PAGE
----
Why did many professional photographers have assistants …. To carry and prepare their kit: why did many professional photographers have shoulder problems (Rollei Shoulder) … Because they carried their equipment. Pre digital whyndid many photographers use a Ricoh Gr or Contax t2 film camera for their own images … Because they were pocketable, brilliant quality lenses, easy to use and delivered high IQ. If you have unlimited funds, an assistant, and all the time to travel and want the nivarna in image quality Fuji and others produced fabulous roll film cameras so a Fuji / Linhof 617 or Silvistri, Arca, Alpa and lenses, filters and Imacon or full blown drum scan will give it for you… As will a mf digital back ….

        But most of us are not in that scenario and the best camera to use and the best IQ we can get at that time is with the camera we have with us…. Or can borrow from our wife’s shoulder bag!

        Nikon D800 is 1000g body only with around 200g for a light wide angle lens while Fuji X100 / x100s is 445g with lens….

  14. Wow! Wonderful photos. I have not take the plunge for an X100 yet. I keep telling myself that the OM-D I have is all I need, and of course it is. Something about the X100 keeps calling to me though, and pictures like yours weaken my resolve.

  15. Very impressive colors. These pictures tell loudly that no excuse (for poor pictures because) of your (present) camera!

  16. Your enjoyment shines out of your pictures! Actually, I have the same sort of relationship with my D-lux 4.
    Haven’t bonded with my other two cameras to anything like the same extent. Have just acquired a “Clear Viewer” LCD viewer for my NEX C3 (highly recommended), so I can postpone asking myself whether I should go for a NEX6 to get an eye-level viewfinder! And now you come and tempt me to an X100……….
    Do tell us what your route to the B&W images is.

  17. Nice story! I can relate to the buying and selling. Sold my X100 after buying the X-E1 but have already preordered the X100s. Think I’ll want both! :-.)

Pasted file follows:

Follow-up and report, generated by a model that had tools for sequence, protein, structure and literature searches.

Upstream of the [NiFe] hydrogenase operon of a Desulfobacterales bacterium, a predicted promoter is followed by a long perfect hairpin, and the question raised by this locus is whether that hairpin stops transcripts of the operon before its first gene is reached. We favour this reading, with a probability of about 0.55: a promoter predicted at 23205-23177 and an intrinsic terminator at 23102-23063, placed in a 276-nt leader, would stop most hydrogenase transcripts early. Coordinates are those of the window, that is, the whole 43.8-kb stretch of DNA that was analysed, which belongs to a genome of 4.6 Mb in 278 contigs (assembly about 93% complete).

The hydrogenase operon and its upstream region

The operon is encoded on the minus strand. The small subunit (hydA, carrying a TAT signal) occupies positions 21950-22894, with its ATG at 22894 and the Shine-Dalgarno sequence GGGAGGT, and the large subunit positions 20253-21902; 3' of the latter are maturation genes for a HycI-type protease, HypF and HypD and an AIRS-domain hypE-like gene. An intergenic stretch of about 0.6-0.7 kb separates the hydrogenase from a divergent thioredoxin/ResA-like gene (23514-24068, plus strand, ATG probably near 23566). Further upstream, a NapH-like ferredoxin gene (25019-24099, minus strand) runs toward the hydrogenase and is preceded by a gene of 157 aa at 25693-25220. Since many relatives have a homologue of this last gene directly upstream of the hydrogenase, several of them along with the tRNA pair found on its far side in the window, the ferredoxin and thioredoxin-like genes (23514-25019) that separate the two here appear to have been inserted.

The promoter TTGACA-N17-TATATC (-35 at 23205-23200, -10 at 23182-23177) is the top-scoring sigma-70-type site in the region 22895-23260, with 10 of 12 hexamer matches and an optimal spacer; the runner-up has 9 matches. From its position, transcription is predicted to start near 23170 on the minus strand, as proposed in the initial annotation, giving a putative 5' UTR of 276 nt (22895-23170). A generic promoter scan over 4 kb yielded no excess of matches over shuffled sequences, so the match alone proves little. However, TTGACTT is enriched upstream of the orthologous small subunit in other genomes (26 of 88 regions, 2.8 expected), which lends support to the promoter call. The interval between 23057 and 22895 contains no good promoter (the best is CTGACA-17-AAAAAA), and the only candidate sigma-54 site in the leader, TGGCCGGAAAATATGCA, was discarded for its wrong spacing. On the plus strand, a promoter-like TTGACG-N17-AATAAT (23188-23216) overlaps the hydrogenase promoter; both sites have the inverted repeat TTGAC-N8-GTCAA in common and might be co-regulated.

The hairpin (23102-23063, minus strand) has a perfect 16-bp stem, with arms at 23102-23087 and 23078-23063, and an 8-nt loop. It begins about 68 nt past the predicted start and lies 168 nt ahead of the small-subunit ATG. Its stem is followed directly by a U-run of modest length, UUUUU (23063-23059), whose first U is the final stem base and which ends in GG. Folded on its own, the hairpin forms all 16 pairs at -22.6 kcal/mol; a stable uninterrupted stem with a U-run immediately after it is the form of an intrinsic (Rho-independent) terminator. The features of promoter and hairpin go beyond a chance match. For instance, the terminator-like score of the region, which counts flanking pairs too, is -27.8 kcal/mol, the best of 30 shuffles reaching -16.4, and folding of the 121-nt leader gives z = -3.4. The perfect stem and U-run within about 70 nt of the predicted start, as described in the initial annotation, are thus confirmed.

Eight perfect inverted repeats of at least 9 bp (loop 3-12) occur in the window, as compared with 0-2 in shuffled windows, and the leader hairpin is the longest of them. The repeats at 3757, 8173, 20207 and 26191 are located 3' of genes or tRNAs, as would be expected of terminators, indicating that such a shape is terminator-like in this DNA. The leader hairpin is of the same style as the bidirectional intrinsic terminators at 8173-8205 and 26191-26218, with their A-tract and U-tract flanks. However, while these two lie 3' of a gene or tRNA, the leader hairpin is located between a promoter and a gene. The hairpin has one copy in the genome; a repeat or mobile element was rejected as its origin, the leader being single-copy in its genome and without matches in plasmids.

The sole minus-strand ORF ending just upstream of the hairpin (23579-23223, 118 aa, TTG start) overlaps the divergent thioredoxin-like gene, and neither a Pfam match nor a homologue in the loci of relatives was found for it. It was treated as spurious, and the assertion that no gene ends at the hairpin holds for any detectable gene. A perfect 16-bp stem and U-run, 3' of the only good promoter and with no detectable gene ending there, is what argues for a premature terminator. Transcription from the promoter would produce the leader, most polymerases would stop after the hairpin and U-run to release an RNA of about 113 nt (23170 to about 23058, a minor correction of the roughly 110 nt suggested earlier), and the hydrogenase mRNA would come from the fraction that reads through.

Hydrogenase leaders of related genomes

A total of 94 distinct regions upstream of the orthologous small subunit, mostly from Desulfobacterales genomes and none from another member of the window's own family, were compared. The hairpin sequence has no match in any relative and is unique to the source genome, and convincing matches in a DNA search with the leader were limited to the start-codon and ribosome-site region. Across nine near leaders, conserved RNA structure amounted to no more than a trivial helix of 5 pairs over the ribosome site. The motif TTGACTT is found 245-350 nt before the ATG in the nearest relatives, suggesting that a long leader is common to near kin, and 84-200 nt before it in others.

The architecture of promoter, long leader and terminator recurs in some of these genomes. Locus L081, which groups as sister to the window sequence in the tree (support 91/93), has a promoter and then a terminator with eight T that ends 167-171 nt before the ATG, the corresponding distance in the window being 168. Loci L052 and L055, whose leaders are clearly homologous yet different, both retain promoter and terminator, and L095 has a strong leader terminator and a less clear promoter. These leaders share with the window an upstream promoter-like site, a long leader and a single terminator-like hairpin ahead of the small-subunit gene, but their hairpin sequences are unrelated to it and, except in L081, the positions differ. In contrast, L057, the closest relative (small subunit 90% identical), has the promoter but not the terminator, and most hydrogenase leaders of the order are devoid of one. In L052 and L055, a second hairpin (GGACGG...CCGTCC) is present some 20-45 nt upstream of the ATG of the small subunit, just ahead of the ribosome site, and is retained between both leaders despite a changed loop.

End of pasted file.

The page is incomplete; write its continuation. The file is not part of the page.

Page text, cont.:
18. Great story, and I share your feelings about how a camera, as a tool, should feel. I had a Leica M5 once, for a short time. Just didn’t feel right.

    In concept Fuji is doing something very right; in execution, this blog and others are flooded with complaints. I’m glad and fully understand you like it and your images show you know how to work with it.

  19. Love the story, Kevin, and the images. Processing is different from what I would do but that is a personal thing. I am finally making a jump to the mirrorless world having pre-ordered the X100s this morning. After 35+ years of SLR/DSLR for both work and play, my back has asked me to lighten the load. AND the creative side of my brain has asked me to simplify. So a fixed lens rangefinder-style camera with the capabilities of a X100s is something I am going to try. Wish me luck . . .

  20. Look at what we’ve become….we now value our digital cameras for having the features that “real” cameras used to have…

    “The X100 appealed to me in on so many levels; form, function, image quality, size, and most importantly, a return to the basics I remembered from my Nikon FE. It had a dedicated aperture ring, shutter speed dial, and exposure compensation dial; all the basics I had started with nearly a quarter century earlier.”

    You should have saved yourself $800 and bought an FE again….

  21. Nice work. Looks like you deviated from Colfax and took a walk down the mall! In these dark places, are you relying upon hand-held or tripod shots?

    The X100s has my eye also. Like you, I find the draw of the its classic styling almost more than I can resist.

  22. Interesting images, particularly like nos 1, 5 & 7.

    No 1 is so simple in concept and so pleasing. It sums up those times of waiting for a process or task to be finished and does not tell you who was there, if it was still open.

    In no 5 I like the juxtaposition of the drab lighting under the stairs with the coloured lights and the backlit photographing the distance.

    Was the guy in no 7 on the balcony at the top of the escalator photographing you or just using a phone camera?